The 1980s marked a period of significant growth for Signal Hill Mall. In 1979, the mall embarked on an ambitious expansion project.

This included renovating the existing Spainhour’s building and adding a new mall wing. The expansion introduced a relocated Spainhour’s, now in a 41,000 sq ft space, and a new 51,000 sq ft JCPenney, enhancing the mall’s retail offerings.

The renovations and expansion cost a substantial $5 million. This investment paid off by attracting eight new stores, increasing the total to 42.

Notable additions included GNC, Endicott Johnson, Lerner New York (now New York & Company), Chick-fil-A, Record Bar, Pearle Vision Center, and Southern Bell Telephone Company.

These new tenants diversified the shopping experience, catering to a wider range of consumer needs and preferences.

The renovation work culminated in grand opening ceremonies held in 1980: August 6 for the anchor stores and October 15 for the interior tenants.

These events marked the completion of a significant phase in the mall’s history, setting the stage for continued success and community engagement.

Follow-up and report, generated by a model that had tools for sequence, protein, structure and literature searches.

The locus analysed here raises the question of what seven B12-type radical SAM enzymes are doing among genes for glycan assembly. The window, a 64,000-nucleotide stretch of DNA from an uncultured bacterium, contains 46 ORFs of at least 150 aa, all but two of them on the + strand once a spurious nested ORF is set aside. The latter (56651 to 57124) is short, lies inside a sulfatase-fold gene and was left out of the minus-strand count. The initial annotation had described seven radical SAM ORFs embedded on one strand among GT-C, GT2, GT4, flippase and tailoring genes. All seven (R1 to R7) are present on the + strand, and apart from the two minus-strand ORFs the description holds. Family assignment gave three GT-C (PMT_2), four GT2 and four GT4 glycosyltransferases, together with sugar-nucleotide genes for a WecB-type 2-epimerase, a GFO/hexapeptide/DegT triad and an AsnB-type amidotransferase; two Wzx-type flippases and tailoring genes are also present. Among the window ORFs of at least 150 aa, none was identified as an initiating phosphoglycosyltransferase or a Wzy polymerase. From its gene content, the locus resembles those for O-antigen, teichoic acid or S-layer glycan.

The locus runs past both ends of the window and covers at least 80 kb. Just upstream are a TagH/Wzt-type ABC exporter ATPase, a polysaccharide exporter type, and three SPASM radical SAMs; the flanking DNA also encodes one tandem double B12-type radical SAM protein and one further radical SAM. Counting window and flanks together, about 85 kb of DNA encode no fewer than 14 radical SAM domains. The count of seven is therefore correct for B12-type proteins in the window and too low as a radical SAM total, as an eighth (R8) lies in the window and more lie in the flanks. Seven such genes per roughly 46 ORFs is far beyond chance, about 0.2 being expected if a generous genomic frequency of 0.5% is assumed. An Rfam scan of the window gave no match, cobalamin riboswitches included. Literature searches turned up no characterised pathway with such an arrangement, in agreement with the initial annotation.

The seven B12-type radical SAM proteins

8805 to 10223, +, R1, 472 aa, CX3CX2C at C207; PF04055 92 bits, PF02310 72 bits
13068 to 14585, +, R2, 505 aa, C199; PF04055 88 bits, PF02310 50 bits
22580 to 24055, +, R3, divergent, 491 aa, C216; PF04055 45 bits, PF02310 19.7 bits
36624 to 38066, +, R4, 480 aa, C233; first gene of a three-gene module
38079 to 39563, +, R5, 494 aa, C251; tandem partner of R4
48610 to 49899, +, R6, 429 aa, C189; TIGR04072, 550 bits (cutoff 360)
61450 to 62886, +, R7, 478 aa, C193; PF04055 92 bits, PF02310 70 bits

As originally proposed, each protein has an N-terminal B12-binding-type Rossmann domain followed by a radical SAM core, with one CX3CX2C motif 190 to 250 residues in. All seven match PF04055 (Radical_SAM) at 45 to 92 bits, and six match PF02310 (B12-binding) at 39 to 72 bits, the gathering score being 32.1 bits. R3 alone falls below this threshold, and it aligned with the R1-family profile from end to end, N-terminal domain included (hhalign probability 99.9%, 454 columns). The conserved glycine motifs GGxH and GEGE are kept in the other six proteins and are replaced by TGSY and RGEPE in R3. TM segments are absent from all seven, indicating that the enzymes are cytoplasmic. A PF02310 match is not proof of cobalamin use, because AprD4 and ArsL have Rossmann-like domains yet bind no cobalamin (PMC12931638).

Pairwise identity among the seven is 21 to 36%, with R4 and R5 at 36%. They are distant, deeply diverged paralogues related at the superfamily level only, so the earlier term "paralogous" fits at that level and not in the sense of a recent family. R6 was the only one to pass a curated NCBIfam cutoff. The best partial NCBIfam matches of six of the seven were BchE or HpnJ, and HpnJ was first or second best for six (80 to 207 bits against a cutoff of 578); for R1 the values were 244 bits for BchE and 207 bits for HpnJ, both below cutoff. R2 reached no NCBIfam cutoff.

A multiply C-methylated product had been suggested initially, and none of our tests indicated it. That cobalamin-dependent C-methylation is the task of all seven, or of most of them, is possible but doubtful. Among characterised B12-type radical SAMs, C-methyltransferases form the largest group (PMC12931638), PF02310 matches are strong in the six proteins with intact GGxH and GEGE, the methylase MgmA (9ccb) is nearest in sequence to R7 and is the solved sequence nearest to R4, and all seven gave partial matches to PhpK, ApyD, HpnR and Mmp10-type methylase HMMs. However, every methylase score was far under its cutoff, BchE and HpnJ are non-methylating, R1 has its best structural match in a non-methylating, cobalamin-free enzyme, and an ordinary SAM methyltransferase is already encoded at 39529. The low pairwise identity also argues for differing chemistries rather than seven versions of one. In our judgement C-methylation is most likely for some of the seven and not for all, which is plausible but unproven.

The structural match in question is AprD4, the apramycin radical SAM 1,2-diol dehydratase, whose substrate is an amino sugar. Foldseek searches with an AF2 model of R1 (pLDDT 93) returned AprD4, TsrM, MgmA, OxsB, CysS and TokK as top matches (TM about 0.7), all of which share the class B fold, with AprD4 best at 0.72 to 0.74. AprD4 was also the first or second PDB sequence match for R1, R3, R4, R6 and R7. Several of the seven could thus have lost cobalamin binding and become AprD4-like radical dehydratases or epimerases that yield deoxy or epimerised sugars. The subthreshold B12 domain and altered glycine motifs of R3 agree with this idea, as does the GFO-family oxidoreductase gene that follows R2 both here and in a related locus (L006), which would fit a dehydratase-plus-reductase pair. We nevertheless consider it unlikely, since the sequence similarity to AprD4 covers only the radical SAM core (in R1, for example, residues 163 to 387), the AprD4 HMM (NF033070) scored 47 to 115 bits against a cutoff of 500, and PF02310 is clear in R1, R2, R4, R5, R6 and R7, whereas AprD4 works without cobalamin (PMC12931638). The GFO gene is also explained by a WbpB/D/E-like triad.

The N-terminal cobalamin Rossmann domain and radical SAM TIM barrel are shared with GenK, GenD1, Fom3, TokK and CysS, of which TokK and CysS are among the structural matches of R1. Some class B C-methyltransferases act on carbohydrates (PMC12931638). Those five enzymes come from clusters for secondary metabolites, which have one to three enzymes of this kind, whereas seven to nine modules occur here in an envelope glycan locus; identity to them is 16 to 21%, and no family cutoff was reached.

Challenges and Changes in the 1990s

The 1990s brought new challenges to Signal Hill Mall. The decade began with the closure of Spainhour’s in late 1992, ending its 50-year presence in Statesville.

This was a significant loss, as Spainhour’s had been one of the mall’s original anchor stores. Shortly after, in January 1993, Woolworth closed its doors, marking another end to a longstanding retail relationship.

The vacancies left by Spainhour’s and Woolworth remained full for a while. Peebles opened in the former Spainhour’s location by the end of 1993, following a six-month renovation.

This new store brought fresh energy to the mall, and it was celebrated with a grand opening that featured a live performance by The Muscat Ramblers, a band from Charlotte.

However, the mid-90s saw further changes. Winn Dixie closed on December 14, 1994, as part of a broader strategy to replace smaller stores with larger ones.

Then, in 1995, Hills department store took over the former Woolworth space. This 83,000-square-foot area underwent a $2 million renovation before Hills opened its doors.

Despite these efforts, Hills closed in April 1997 but was quickly replaced by Sears in October of the same year.